NJ Alimony Reform
If you are considering filing for divorce or have a presently pending divorce matter, you should be aware of the recent New Jersey reforms that were signed into law by Governor Chris Christie and passed by the state assembly 77-0 in mid September, 2014. In the new law, the term "permanent alimony" has now been replaced with "open durational alimony." In the past, it was common for one spouse to work and the other to be financially dependent. "Open durational alimony" is meant to reflect that an alimony obligation can be altered when the circumstances of either spouse change. The new law contains more guidance and gives judges less discretion in certain matters than the former law. The divorce lawyers at Goldstein Law Group can help you navigate these reforms if you are seeking to dissolve a marriage in Monmouth County or surrounding areas.Changes to New Jersey's Alimony Law
If a spouse asks for alimony, the judge is required to issue a written ruling explaining the analysis of relevant factors in ruling whether there should be an alimony award. Additional factors which a judge will now consider include the ages of the parties when they married, the duration of the marriage when the marriage concluded (typically, the date when one spouse files his or her complaint for divorce), the ability of both parties to maintain their standard of living after divorce, the financial dependency of one party on the other, and whether either party has health problems.
The new legislation also requires judges to consider the payer's financial and personal circumstances more than they’ve had to do in the past. Judges now have more guidance when adjusting alimony because the alimony payer has lost his or her job or retired. Judges can modify alimony after a payer of alimony has been unemployed for 90 days or more. The new law contemplates that a retired ex-spouse can stop making alimony payments after turning 67 years old.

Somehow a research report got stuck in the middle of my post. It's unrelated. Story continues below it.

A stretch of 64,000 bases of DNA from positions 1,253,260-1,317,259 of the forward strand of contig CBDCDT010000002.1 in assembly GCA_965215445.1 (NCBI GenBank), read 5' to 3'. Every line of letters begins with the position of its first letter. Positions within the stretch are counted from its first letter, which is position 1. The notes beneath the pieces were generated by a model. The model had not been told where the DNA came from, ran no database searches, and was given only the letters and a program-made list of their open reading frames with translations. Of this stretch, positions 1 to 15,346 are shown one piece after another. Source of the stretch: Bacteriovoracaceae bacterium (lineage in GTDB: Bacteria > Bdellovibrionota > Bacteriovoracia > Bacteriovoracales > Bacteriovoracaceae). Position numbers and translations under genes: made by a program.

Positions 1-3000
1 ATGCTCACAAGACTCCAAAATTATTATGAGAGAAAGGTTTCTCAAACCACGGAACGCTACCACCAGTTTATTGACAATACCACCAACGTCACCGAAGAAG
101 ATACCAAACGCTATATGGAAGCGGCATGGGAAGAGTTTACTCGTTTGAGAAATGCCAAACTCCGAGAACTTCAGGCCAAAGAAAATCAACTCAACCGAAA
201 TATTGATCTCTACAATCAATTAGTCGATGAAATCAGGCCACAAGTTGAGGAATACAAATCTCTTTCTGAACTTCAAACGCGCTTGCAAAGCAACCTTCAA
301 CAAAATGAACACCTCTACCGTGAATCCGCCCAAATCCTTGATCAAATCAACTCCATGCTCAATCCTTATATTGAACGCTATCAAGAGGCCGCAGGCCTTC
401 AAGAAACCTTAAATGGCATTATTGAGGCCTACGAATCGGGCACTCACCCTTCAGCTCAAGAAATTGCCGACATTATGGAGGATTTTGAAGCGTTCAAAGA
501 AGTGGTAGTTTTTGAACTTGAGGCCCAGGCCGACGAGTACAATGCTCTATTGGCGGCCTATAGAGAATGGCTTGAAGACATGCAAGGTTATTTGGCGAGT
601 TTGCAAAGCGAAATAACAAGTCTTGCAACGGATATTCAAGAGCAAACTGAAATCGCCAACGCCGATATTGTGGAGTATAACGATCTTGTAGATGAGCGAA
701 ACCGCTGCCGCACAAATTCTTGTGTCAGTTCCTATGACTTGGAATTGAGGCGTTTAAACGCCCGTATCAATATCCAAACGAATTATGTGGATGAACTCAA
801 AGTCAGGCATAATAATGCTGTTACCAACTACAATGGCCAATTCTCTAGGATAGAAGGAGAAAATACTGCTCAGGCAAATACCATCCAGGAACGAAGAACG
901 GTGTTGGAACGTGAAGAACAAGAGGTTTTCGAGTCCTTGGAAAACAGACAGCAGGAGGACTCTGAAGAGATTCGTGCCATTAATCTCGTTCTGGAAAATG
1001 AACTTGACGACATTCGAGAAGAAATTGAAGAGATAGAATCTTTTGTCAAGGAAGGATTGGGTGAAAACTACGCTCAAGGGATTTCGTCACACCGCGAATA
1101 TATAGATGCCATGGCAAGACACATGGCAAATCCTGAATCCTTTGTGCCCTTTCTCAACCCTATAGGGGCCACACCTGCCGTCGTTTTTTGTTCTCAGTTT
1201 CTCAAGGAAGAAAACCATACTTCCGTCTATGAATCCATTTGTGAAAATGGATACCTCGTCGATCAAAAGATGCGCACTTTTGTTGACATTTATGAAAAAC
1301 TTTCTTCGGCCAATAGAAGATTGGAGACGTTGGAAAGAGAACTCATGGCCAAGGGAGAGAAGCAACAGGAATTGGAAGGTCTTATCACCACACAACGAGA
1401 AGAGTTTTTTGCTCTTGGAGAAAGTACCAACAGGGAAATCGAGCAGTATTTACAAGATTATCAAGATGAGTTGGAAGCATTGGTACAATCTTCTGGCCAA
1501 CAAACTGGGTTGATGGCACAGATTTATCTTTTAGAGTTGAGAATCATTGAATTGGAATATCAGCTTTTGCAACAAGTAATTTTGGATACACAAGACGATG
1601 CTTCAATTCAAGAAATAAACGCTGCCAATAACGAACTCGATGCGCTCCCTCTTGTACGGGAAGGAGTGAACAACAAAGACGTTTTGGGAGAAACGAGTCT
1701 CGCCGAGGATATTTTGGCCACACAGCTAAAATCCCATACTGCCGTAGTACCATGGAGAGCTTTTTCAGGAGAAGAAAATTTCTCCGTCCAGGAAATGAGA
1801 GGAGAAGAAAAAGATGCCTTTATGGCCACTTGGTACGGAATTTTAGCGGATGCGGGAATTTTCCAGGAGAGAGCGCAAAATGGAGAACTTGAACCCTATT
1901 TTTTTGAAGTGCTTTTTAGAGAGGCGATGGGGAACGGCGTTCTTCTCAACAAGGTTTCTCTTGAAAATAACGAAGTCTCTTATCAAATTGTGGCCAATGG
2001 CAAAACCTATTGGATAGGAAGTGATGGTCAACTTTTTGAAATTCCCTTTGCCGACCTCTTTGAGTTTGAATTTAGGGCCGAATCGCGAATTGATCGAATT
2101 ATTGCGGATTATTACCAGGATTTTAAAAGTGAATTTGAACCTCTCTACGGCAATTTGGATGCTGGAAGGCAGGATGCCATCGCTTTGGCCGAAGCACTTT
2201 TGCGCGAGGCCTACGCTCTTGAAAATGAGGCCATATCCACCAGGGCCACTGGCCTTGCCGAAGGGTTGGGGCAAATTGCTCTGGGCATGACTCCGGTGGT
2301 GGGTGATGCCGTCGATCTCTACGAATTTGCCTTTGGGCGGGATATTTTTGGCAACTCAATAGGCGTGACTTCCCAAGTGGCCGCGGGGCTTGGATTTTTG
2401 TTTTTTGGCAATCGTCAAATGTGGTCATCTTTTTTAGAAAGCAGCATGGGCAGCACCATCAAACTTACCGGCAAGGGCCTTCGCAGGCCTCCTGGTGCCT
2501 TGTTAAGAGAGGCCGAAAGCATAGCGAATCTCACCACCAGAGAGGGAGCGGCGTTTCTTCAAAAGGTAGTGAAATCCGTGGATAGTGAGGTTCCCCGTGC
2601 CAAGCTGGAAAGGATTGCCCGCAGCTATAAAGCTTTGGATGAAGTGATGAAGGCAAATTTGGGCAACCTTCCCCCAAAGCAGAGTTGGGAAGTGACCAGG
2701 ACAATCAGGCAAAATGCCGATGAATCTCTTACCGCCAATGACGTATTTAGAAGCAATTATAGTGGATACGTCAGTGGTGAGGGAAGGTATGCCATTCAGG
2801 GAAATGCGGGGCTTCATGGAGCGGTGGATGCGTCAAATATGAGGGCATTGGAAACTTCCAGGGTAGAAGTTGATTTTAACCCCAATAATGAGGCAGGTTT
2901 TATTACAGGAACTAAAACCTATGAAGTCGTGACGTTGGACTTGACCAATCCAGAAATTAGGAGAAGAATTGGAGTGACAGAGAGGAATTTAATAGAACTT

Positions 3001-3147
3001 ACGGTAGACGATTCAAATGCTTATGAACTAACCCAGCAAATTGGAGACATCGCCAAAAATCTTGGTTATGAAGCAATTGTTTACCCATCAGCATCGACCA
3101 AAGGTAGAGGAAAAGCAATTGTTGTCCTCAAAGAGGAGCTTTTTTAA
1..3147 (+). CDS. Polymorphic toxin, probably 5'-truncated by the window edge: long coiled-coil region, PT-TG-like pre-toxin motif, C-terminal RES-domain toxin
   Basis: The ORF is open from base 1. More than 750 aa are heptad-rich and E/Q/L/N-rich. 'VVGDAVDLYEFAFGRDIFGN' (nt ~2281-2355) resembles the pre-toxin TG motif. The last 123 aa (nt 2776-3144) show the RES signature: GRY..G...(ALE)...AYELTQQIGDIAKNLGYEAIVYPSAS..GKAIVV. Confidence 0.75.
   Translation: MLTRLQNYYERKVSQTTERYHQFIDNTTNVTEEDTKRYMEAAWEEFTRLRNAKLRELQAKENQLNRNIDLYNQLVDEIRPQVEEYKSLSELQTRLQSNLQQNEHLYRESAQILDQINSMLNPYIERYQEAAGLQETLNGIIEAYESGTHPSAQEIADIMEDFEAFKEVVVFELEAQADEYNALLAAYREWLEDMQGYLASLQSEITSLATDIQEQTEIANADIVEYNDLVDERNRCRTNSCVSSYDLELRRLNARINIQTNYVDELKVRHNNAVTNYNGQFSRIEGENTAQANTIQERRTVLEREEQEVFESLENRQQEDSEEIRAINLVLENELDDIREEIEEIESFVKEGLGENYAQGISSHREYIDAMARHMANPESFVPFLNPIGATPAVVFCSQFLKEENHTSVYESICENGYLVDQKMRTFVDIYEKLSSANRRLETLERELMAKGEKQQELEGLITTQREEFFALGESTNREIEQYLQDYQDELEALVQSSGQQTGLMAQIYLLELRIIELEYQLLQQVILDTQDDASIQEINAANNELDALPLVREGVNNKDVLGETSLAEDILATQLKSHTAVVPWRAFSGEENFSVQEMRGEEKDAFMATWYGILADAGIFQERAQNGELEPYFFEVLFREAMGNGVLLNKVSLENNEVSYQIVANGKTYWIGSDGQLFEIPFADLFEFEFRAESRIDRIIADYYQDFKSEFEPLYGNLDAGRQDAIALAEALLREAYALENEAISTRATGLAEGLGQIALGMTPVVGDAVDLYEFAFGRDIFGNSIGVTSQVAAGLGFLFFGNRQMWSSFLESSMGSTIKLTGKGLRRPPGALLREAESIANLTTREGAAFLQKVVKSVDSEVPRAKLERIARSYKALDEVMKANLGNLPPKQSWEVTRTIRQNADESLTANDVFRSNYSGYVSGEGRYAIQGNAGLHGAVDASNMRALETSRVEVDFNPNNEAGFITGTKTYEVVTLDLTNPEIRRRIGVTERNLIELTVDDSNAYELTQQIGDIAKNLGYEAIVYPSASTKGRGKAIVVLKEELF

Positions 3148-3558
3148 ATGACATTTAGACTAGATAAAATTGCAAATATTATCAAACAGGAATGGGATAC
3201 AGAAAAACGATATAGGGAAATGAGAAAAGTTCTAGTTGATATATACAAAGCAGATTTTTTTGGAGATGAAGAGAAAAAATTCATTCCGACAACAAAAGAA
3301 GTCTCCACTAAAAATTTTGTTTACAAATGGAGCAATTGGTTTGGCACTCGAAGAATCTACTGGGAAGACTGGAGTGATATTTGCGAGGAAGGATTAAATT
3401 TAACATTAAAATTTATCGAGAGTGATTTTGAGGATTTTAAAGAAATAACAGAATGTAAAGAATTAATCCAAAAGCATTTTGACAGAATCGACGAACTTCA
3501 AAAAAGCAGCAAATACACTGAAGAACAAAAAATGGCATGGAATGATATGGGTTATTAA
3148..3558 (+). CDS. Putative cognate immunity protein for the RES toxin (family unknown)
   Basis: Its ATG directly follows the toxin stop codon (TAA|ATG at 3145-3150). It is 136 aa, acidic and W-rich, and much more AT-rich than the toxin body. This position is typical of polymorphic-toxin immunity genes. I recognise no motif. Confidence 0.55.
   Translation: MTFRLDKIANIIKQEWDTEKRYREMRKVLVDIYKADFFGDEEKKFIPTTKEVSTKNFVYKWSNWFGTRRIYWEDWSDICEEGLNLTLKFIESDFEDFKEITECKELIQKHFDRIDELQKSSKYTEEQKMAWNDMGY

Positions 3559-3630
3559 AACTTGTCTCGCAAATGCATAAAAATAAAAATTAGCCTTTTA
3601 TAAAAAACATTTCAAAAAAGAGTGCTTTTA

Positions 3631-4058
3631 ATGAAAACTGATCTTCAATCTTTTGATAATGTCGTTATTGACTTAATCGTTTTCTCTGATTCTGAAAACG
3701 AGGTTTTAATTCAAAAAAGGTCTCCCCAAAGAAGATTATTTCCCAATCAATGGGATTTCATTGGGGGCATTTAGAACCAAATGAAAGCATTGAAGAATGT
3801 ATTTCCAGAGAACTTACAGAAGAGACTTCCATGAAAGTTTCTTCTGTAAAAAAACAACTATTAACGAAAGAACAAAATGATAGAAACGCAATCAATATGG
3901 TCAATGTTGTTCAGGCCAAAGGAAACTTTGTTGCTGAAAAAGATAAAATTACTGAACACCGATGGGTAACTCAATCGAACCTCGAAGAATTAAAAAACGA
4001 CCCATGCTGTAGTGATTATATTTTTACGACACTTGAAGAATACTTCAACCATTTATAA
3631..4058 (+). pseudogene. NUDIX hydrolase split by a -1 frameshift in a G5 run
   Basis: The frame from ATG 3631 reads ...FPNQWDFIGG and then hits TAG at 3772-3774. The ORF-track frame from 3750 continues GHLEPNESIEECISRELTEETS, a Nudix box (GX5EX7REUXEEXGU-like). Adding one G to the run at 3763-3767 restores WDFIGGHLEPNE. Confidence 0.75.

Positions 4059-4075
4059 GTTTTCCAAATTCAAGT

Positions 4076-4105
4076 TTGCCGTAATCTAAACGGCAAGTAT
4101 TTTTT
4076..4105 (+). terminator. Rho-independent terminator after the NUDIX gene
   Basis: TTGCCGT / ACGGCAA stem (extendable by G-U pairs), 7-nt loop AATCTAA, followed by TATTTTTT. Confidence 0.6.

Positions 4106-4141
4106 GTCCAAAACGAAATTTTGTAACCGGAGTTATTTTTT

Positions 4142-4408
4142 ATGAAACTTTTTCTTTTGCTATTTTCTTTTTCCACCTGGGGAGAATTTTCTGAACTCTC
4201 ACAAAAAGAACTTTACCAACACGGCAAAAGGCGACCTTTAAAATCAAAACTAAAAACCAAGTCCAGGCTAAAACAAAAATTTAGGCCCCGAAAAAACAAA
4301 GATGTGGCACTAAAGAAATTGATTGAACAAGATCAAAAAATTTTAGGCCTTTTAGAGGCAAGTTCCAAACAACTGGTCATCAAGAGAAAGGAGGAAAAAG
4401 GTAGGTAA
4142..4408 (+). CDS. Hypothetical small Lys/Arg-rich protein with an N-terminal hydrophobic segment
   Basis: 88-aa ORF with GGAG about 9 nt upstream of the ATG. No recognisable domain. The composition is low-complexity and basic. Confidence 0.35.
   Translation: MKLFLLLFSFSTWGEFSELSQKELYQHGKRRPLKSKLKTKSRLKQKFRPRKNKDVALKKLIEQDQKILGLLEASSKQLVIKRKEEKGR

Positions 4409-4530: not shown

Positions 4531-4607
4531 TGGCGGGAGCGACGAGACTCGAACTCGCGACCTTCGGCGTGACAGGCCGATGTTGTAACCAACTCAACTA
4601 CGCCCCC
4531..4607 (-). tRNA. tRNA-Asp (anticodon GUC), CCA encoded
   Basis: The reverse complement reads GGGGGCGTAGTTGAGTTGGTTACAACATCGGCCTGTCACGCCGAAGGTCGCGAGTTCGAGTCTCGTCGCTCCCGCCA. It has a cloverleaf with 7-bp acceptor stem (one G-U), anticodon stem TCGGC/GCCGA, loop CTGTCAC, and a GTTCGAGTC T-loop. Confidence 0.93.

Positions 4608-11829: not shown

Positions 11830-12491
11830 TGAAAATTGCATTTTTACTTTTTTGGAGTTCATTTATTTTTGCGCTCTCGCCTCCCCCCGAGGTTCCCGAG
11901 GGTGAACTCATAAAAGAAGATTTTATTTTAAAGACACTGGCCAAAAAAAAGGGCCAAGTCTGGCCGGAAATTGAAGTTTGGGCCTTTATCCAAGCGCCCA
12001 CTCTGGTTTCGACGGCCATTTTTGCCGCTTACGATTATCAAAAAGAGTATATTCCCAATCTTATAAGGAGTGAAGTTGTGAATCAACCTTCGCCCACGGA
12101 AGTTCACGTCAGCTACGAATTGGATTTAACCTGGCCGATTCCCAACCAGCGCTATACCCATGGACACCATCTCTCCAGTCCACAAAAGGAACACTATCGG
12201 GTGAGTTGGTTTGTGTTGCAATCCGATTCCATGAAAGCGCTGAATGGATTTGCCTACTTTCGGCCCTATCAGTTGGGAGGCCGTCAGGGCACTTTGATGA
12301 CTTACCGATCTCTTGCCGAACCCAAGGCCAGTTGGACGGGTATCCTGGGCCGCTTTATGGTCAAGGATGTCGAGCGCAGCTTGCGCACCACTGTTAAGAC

These days, many marriages are short-lived. Under the new law, when a marriage is less than 20 years, the alimony payments will not last as long as the length of the marriage except under "exceptional circumstances." Some critics of this reform have noted that women who take time out of the workforce may permanently lose their earning potential. The alimony reform bill would get rid of “permanent alimony” awards and create new guidelines for the term of limited duration alimony based primarily on the length of the marriage.
While judicial discretion is not fully eliminated, it is reduced under the reforms. In the past, alimony ended when the spouse who was receiving the payments remarried. The new law encourages judges to pause an alimony order if an ex-spouse moves in with a new partner, even if his or her financial needs have not changed. This can be problematic if the new partner cannot contribute for a good reason, such as a medical condition or disability.Discuss Your Family Law Concerns with a Middlesex County Lawyer
The experienced spousal support attorneys at Goldstein Law Group have advised and represented residents of Middlesex County and beyond in family law matters. We have four attorneys at our firm that serve as Early Settlement panelists. Among the diverse range of clients we have represented includes two current/former family law judges in their own family law matters. If you currently or in the future anticipate that you will be paying or receiving alimony payments, we can help you understand how the new laws will apply to your case. We serve clients in Freehold, East Brunswick, Marlboro and Manalapan, among other communities. Contact us at 732-967-6777 or via our online form.